A quality-improvement program involving intensive-care units at more than 70 hospitals saved 1,578 lives, $165.5 million in healthcare costs and 81,020 hospital days between March 2004 and June 2005, according to the organizers.
"Keystone: ICU," a joint effort of the Michigan Health and Hospital Association and Johns Hopkins University Quality and Safety Research Group, targeted 127 ICUs, largely at Michigan hospitals.
Three hospitals in Iowa, one in Indiana and one in California also participated. The ICUs reduced central-line infections nearly 50%, and 68 of the ICUs reported no cases of bloodstream infection and no cases of ventilator-associated pneumonia for at least six months.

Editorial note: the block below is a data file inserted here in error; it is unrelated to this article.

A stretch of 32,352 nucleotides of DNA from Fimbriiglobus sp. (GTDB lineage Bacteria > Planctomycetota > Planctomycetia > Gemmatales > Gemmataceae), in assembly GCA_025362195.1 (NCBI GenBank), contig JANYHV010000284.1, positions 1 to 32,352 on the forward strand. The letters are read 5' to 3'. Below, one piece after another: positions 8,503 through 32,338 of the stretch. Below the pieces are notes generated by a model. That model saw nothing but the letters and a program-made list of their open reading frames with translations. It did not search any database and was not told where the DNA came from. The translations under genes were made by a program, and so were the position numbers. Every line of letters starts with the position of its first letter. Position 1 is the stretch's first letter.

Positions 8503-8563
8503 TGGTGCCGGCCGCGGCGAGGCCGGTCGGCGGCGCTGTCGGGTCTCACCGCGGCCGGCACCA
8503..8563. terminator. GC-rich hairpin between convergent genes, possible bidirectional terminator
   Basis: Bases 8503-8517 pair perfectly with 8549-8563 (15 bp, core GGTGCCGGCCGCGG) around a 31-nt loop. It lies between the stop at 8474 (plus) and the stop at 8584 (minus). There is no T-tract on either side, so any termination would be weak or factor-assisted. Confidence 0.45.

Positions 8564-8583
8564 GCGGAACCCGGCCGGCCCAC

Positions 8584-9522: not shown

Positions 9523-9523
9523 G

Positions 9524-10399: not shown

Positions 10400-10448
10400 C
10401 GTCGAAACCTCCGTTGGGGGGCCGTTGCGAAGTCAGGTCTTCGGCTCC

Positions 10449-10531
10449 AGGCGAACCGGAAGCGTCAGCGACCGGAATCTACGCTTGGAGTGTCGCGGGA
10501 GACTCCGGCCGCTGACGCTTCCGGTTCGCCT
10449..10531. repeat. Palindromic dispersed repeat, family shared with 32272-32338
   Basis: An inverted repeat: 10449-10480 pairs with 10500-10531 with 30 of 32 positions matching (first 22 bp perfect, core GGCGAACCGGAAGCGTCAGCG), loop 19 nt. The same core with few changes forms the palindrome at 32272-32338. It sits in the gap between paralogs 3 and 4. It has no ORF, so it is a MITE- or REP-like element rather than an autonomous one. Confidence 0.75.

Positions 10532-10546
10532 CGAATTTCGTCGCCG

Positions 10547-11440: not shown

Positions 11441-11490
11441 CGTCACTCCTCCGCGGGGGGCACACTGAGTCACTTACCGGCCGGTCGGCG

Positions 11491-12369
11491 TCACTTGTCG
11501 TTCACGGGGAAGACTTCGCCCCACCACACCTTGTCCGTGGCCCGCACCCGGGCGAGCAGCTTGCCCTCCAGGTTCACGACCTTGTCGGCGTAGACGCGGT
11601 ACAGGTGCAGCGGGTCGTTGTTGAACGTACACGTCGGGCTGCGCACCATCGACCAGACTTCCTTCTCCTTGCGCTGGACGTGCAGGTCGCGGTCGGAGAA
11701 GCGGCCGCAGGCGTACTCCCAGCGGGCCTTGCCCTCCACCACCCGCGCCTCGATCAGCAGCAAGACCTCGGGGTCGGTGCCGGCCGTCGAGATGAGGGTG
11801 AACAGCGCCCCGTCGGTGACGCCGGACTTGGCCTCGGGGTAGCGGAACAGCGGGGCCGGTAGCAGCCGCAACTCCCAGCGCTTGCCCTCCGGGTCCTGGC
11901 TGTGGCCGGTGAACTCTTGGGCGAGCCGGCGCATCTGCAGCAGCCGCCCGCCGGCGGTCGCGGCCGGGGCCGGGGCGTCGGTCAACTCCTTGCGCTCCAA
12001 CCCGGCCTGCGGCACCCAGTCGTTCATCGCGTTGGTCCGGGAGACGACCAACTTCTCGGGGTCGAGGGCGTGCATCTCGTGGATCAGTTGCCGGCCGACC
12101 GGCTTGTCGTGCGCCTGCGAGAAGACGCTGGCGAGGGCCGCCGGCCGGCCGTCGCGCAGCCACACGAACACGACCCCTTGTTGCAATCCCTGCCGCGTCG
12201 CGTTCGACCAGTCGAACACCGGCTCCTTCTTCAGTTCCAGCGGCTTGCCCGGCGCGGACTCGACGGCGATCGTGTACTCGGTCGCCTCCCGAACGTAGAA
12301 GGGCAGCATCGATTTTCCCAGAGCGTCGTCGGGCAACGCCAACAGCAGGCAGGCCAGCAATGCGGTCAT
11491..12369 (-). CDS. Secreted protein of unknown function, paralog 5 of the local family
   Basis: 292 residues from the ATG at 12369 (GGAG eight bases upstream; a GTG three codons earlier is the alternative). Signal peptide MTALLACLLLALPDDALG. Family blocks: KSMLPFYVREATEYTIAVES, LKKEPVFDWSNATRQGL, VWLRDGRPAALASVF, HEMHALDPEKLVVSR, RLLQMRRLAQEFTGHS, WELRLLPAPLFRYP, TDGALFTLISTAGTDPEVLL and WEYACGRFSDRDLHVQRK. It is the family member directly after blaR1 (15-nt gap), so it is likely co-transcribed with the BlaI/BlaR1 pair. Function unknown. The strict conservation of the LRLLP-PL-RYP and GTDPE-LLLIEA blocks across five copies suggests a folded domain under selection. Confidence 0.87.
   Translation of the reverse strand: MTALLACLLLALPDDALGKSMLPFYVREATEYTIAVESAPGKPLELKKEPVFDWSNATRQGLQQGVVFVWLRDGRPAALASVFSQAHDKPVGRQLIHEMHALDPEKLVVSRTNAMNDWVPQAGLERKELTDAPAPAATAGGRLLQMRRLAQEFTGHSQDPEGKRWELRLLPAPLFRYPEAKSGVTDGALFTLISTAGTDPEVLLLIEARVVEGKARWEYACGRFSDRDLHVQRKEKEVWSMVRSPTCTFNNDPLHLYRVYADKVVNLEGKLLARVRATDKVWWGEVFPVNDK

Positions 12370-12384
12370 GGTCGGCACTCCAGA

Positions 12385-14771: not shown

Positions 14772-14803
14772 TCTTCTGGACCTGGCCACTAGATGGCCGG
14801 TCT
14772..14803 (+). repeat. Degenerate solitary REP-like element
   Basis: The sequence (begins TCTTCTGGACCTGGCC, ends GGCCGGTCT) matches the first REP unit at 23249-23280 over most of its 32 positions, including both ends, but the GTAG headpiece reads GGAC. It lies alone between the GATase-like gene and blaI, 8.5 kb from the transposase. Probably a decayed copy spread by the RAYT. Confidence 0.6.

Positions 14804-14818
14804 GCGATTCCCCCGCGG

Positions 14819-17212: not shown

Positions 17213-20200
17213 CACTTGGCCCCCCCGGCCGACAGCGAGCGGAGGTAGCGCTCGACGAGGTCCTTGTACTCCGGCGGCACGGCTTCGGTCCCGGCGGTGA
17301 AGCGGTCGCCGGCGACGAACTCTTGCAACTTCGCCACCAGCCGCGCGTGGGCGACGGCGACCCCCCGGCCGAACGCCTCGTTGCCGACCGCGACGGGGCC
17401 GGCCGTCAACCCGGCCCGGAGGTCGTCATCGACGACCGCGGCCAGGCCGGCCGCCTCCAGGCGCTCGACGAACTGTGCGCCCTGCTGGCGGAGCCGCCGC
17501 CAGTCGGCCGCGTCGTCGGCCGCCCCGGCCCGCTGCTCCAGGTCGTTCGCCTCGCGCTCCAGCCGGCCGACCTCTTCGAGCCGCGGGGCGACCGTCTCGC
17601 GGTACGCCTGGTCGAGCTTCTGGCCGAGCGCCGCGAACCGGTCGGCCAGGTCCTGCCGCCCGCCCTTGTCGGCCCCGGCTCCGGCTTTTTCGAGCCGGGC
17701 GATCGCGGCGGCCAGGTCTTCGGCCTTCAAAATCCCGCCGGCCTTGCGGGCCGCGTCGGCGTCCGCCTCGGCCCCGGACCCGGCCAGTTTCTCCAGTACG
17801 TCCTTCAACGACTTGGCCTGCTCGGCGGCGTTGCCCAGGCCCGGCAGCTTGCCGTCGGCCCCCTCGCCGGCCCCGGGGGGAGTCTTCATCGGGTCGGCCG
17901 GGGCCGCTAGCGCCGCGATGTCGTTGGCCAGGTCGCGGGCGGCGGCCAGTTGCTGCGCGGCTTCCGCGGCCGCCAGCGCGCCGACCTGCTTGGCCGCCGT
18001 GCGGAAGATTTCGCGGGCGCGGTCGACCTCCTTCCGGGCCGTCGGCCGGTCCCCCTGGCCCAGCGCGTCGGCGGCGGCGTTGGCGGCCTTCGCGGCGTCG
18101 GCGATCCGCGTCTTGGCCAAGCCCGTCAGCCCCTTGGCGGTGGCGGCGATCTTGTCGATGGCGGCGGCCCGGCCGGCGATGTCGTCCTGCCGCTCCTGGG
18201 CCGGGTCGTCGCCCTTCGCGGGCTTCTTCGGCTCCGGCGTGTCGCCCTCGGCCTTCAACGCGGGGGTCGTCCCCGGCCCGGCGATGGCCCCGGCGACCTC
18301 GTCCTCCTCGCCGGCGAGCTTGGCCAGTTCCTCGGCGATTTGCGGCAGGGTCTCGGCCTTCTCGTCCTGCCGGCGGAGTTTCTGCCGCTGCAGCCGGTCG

Researchers estimated the number of lives and hospital days saved based on the typical frequency of the conditions and associated mortality and length of stay. Cost savings were based on average costs at a sample of Michigan hospitals.